Challenges that terrorism poses
to public health
VICTOR W. SIDEL
Terrorism adversely affects health in many ways. Public health professionals can do much both to minimize and to prevent the health consequences of terrorist acts and threats.
In Chinese, the word for “crisis” has two symbols: one stands for danger; the other, for opportunity. The “crisis” of terrorism presents not only dangers, but also opportunities in public health for strengthening systems and protecting people.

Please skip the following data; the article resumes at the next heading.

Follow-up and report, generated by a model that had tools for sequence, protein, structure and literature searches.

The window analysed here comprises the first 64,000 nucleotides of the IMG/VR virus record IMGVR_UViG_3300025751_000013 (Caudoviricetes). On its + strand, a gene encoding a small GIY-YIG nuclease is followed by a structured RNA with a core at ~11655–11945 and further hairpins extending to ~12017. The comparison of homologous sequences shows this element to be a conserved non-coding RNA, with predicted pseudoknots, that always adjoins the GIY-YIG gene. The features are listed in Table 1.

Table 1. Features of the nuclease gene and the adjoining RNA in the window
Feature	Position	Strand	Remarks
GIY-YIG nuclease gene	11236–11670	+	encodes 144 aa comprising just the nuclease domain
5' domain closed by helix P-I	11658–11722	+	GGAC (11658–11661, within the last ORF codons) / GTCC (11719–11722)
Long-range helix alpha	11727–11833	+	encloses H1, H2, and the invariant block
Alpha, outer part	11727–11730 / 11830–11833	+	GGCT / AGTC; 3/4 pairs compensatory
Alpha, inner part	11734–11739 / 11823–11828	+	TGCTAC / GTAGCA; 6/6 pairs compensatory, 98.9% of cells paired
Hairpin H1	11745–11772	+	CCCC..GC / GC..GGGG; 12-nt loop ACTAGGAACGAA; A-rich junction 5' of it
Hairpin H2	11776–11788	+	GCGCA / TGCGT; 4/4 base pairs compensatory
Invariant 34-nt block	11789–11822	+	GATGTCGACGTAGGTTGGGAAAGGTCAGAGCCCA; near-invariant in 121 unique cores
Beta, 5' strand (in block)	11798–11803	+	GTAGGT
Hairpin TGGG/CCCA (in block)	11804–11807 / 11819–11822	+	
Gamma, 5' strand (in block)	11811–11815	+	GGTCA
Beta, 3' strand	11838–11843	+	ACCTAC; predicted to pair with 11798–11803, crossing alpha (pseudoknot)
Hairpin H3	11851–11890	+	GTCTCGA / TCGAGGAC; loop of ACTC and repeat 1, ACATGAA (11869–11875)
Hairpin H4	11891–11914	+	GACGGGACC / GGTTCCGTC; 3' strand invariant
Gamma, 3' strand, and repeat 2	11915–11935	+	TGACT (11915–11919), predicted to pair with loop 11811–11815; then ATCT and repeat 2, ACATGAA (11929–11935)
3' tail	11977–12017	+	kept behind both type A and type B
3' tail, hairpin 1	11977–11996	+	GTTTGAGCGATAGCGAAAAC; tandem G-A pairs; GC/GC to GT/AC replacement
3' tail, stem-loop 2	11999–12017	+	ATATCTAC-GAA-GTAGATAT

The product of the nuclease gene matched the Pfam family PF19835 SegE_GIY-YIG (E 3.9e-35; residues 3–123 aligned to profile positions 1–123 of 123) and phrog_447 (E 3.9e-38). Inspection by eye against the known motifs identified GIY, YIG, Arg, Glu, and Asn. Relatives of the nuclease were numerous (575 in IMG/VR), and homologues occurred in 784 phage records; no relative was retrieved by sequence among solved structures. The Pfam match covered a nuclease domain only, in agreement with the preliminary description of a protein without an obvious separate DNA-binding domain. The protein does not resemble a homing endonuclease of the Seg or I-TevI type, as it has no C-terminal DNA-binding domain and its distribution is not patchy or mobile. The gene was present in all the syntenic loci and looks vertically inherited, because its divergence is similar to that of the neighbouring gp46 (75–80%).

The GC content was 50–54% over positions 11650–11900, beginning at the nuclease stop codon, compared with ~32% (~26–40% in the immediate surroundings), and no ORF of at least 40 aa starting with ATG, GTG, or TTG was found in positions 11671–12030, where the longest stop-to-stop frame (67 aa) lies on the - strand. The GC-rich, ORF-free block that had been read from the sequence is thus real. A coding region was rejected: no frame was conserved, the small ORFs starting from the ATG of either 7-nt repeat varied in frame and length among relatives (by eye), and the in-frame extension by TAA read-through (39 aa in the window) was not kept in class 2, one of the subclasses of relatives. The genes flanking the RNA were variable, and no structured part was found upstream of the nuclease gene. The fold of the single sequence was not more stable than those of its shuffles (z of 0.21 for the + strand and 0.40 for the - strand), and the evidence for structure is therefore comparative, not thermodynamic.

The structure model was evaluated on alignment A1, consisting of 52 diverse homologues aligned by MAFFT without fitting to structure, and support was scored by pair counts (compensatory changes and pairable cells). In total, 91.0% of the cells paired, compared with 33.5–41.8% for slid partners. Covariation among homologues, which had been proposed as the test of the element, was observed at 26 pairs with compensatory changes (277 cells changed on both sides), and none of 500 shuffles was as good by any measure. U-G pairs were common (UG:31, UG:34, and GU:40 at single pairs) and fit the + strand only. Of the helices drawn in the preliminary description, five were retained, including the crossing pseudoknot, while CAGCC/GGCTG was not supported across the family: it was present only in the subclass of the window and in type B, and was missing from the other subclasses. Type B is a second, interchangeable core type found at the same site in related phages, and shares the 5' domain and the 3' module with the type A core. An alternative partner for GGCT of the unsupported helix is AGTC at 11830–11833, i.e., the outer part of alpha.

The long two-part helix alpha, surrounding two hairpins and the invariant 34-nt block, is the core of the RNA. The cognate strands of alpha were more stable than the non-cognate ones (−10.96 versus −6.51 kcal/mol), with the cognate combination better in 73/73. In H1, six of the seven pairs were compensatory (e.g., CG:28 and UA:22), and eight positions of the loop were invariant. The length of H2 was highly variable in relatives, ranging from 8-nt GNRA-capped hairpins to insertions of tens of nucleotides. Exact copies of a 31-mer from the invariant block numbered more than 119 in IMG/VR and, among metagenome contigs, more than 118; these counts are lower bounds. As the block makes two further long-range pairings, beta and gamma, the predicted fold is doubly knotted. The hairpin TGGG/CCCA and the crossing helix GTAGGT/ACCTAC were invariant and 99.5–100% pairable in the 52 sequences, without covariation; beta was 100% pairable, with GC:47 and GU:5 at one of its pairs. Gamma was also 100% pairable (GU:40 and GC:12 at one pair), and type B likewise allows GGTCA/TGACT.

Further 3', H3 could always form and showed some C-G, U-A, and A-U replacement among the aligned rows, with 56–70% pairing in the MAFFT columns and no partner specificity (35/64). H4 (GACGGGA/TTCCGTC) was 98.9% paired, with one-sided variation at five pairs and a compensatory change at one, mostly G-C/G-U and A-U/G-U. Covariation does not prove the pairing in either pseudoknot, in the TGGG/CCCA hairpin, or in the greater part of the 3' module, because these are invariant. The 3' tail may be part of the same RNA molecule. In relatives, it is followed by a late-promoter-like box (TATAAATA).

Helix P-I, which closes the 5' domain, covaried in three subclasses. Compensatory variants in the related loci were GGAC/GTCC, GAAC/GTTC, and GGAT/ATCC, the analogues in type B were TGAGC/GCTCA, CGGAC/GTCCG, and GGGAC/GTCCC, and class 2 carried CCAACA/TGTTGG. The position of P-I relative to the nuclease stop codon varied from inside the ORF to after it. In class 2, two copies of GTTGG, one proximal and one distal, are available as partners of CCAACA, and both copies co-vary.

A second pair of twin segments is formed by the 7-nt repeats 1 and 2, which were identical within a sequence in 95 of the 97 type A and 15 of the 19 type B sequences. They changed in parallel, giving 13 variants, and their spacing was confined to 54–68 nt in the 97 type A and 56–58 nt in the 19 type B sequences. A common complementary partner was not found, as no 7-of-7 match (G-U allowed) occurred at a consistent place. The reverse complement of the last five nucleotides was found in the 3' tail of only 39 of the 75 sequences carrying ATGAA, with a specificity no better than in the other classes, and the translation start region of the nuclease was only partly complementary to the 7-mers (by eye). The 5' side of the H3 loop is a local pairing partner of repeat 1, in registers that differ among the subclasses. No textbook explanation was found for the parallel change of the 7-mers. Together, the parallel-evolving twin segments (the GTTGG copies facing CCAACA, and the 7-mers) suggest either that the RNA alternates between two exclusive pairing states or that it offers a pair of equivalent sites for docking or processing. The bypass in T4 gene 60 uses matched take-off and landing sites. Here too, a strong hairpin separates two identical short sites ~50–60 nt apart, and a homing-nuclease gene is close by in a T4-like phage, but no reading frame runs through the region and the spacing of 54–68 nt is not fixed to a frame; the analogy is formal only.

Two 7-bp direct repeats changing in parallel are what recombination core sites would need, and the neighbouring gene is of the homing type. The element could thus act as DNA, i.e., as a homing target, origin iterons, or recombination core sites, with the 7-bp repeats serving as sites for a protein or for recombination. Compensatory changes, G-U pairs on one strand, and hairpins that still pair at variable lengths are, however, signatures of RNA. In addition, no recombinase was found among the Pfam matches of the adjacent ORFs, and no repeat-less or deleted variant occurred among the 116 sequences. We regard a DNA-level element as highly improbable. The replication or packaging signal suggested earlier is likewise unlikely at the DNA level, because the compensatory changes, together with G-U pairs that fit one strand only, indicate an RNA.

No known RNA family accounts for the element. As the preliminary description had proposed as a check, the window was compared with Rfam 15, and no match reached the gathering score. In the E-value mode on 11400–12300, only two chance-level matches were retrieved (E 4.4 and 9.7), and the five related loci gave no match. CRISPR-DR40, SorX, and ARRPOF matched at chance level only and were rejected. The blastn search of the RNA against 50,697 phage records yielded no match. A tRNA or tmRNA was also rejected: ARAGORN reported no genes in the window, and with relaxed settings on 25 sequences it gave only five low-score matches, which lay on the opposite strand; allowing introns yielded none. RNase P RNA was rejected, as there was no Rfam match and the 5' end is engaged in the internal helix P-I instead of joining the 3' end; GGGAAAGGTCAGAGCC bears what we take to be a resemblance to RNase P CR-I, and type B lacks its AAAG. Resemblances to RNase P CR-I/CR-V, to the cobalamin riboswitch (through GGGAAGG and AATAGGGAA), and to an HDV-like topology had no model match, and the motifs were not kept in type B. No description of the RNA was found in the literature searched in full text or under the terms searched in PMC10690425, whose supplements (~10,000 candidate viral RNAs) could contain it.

Terrorism can cause injury, illness, and death; create fear, anxiety, and other psychological reactions; destroy the physical infrastructure and social fabric of communities; and cause profound, adverse economic and political impacts on individuals, communities, nations, and our global society. Some responses to terrorism, however, can be harmful as well. Vengeful responses to terrorist acts or threats may hurt innocent people (see Box 3–2 in Chapter 3). Attempts to locate, interrogate, and punish suspected terrorists may threaten civil liberties domestically and international justice abroad (Chapters 17 and 19). And the U. S. government's diversion of resources from essential public health programs for homeland defense or the “war on terrorism” may lead to a worsening of health problems in the United States and to a reduction in U. S. health-program assistance to less-developed countries.